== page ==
And how to treat start-up expenses on your tax return. If you handle your initial expenses in certain ways you could reduce the amount of taxes you pay.
While the COVID-19 crisis has devastated many existing businesses, the pandemic has also created opportunities for entrepreneurs to launch new businesses.
For example, some businesses are being launched online to provide products and services to people staying at home.
Currently not all start-up expenses can be deducted on your tax return in the current year. However, here is how expenses must be handled to possibly reduce the amount of taxes you pay.
If you’re starting or planning a new enterprise, keep these key points in mind:
- Start-up costs include those incurred or paid while creating an active trade or business — or investigating the creation or acquisition of one.
- Under the Internal Revenue Code, taxpayers can elect to deduct up to $5,000 of business start-up and $5,000 of organizational costs in the year the business begins. As you know, $5,000 doesn’t get you very far today! And the $5,000 deduction is reduced dollar-for-dollar by the amount by which your total start-up or organizational costs exceed $50,000. Any remaining costs must be amortized over 180 months on a straight-line basis.
- No deductions or amortization deductions are allowed until the year when “active conduct” of your new business begins. Generally, that means the year when the business has all the pieces in place to begin earning revenue. To determine if a taxpayer meets this test, the IRS and courts generally ask questions such as: Did the taxpayer undertake the activity intending to earn a profit? Was the taxpayer regularly and actively involved? Did the activity actually begin?
Expenses that qualify
In general, start-up expenses include all amounts you spend to:
- Investigate the creation or acquisition of a business,
- Create a business, or
- Engage in a for-profit activity in anticipation of that activity becoming an active business.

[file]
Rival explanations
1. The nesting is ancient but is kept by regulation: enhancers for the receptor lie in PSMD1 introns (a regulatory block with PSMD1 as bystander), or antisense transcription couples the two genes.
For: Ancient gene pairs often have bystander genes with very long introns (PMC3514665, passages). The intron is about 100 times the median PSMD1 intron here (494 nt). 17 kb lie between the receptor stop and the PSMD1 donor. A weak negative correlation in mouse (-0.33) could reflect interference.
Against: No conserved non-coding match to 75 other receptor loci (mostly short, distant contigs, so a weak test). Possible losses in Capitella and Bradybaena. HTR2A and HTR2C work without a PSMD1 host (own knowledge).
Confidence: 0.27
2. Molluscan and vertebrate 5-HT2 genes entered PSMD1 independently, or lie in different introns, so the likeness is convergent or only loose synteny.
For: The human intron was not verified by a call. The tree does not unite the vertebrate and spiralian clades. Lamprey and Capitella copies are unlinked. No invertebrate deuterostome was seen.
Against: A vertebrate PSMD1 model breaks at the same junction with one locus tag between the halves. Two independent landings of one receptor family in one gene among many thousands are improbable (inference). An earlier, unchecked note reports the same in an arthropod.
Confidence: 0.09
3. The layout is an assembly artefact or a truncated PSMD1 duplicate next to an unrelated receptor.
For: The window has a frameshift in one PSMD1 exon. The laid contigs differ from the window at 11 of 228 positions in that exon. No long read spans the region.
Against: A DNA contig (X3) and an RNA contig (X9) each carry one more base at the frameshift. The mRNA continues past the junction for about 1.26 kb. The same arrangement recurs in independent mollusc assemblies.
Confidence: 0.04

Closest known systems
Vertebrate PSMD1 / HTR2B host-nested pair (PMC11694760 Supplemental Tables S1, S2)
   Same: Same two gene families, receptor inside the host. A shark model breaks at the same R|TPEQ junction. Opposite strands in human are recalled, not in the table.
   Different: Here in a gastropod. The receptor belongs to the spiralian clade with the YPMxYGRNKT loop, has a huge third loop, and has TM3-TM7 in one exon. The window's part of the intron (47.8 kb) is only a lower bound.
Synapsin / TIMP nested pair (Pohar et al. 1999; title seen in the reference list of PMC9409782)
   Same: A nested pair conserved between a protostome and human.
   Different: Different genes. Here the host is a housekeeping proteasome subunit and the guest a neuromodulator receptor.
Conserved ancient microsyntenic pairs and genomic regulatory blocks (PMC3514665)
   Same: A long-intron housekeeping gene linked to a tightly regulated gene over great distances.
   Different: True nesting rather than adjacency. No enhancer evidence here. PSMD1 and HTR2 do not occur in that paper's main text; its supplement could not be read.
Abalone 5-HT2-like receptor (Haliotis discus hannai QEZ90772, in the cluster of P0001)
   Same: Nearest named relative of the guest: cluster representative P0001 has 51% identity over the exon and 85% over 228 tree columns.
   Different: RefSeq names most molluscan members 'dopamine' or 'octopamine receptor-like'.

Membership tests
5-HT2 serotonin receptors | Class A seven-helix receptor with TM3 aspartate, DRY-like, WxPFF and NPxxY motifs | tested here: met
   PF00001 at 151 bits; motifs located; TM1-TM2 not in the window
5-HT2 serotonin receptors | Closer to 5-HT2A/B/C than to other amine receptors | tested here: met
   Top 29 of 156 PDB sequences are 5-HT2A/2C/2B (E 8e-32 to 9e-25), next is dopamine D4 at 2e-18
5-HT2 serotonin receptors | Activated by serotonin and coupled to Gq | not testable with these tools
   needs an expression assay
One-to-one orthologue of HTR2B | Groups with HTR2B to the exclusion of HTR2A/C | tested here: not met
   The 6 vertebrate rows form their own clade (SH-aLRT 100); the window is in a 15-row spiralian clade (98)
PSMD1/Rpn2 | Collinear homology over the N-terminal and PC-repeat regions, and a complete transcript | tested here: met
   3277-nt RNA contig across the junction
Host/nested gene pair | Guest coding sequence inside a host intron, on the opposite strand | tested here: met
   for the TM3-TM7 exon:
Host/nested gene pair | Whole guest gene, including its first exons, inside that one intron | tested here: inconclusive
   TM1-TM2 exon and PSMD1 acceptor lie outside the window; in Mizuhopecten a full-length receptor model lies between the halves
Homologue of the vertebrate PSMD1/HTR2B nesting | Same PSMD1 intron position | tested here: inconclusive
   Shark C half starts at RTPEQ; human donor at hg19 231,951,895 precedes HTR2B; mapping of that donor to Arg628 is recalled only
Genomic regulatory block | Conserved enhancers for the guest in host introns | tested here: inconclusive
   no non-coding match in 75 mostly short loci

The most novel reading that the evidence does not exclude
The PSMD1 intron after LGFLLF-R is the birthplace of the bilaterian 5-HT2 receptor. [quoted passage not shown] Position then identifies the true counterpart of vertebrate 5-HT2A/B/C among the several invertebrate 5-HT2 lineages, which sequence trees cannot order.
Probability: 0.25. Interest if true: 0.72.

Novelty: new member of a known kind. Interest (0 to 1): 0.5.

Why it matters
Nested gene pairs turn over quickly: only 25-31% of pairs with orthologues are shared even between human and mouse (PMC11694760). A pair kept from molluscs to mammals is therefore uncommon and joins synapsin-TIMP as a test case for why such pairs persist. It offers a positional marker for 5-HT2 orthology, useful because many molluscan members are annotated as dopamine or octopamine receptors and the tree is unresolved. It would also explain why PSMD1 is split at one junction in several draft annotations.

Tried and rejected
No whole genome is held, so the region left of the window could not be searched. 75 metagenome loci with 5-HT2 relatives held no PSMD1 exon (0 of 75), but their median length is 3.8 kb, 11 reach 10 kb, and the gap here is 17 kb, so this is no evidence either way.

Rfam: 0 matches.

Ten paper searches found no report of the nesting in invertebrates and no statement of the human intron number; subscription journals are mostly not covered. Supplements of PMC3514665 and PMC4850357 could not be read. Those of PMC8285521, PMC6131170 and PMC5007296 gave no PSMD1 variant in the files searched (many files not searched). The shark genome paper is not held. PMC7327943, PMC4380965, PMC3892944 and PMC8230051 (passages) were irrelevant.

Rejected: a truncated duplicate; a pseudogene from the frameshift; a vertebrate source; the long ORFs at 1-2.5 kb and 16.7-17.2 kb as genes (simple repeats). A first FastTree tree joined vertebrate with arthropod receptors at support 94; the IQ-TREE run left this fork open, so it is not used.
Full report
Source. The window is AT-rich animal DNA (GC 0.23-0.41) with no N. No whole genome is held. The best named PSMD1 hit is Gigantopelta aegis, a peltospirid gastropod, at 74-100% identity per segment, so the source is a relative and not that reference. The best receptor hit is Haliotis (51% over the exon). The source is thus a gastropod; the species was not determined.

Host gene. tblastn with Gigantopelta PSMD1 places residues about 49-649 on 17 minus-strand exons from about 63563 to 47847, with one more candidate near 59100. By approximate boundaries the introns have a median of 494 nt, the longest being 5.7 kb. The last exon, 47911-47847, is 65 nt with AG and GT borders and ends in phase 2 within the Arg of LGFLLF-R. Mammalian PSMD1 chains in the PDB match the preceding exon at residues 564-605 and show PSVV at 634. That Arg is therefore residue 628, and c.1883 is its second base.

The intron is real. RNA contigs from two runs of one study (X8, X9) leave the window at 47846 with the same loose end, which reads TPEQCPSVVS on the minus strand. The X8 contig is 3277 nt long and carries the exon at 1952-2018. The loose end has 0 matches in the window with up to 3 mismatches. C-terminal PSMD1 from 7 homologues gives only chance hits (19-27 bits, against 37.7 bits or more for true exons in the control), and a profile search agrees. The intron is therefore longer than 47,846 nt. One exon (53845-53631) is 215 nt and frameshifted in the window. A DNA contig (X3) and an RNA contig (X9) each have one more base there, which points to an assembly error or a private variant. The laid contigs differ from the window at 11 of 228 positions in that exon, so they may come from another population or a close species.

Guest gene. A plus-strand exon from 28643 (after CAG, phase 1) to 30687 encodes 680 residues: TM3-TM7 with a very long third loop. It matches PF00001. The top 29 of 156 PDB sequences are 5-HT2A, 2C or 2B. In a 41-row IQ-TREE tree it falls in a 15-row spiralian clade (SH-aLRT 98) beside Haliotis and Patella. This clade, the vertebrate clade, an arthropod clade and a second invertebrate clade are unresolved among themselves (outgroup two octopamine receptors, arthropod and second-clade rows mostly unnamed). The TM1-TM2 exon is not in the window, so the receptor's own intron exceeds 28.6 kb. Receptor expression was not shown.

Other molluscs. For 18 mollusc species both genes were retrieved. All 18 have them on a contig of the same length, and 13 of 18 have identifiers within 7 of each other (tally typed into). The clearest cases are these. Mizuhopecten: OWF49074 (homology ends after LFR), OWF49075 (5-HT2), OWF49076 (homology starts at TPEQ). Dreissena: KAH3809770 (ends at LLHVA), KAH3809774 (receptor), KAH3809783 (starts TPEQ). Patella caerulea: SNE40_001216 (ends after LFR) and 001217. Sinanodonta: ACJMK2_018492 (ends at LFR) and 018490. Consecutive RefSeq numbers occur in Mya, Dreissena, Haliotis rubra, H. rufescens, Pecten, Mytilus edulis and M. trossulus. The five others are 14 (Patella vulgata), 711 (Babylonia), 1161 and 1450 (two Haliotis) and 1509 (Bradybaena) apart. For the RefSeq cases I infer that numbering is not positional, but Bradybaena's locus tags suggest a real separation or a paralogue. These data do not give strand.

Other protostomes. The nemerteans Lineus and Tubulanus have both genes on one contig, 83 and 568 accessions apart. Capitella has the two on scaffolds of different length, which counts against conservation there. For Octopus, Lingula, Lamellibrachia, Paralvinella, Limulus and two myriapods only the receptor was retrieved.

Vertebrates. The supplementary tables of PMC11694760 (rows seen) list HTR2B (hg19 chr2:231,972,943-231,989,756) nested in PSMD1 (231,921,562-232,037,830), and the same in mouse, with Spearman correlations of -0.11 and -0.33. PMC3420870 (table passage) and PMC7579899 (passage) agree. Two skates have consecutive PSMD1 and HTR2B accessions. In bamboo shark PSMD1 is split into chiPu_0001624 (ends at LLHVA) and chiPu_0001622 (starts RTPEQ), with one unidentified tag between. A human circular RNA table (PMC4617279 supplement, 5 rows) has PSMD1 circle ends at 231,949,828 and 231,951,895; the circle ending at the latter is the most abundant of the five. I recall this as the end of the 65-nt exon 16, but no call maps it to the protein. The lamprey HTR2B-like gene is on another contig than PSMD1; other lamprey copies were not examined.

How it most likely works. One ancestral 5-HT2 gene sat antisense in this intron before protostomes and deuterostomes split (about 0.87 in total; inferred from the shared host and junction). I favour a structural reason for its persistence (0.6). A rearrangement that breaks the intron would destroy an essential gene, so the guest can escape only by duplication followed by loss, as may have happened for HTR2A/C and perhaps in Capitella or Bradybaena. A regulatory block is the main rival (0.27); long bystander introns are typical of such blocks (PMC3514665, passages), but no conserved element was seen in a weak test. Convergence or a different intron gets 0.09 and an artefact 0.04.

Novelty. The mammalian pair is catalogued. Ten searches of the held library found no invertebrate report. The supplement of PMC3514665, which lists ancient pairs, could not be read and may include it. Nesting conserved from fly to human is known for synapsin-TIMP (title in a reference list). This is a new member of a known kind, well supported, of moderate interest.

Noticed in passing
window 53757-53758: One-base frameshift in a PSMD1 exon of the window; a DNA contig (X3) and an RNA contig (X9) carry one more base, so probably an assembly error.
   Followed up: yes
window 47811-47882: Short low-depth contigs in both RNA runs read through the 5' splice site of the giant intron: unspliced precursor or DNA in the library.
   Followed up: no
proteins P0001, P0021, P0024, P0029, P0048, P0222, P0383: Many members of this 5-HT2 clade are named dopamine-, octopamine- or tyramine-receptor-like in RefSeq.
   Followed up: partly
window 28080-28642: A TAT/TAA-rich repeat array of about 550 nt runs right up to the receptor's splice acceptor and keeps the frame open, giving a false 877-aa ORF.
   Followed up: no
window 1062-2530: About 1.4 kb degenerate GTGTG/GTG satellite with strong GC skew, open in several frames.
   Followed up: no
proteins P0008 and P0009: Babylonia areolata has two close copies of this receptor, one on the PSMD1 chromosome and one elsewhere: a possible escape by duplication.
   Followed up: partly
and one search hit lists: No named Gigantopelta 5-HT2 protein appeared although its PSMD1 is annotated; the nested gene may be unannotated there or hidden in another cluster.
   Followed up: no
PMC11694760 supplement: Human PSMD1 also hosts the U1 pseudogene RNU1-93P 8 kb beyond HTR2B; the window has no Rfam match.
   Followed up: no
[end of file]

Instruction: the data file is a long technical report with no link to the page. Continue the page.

To be eligible for the election, an expense also must be one that would be deductible if it were incurred after a business began. One example is money you spend analyzing potential markets for a new product or service.
To qualify as an “organization expense,” the expenditure must be related to creating a corporation or partnership. Some examples of organization expenses are legal and accounting fees for services related to organizing a new business and filing fees paid to the state of incorporation.
If you have start-up expenses that you’d like to deduct this year, you need to decide whether to take the elections described above. Recordkeeping is critical. Contact your Rudler, PSC advisor at 859-331-1717 about your start-up plans. We can help with the tax and other aspects of your new business.
RUDLER'S TAX MANAGEMENT & PLANNING TEAM
This week's Rudler Review is presented by Lisa Dooley, CPA and Chris Guidugli, CPA.
If you would like to discuss your particular tax situation, contact Lisa or Chris at 859-331-1717.
Rudler PSC has established a Tax Management and Planning Team, a group of professionals who specialize in tax services. These highly qualified and experienced tax specialists meet on a regular basis to discuss upcoming client engagements, current issues relating to our clients and regulatory changes. Be sure to receive future Rudler Reviews for advice from our tax experts, sign up today !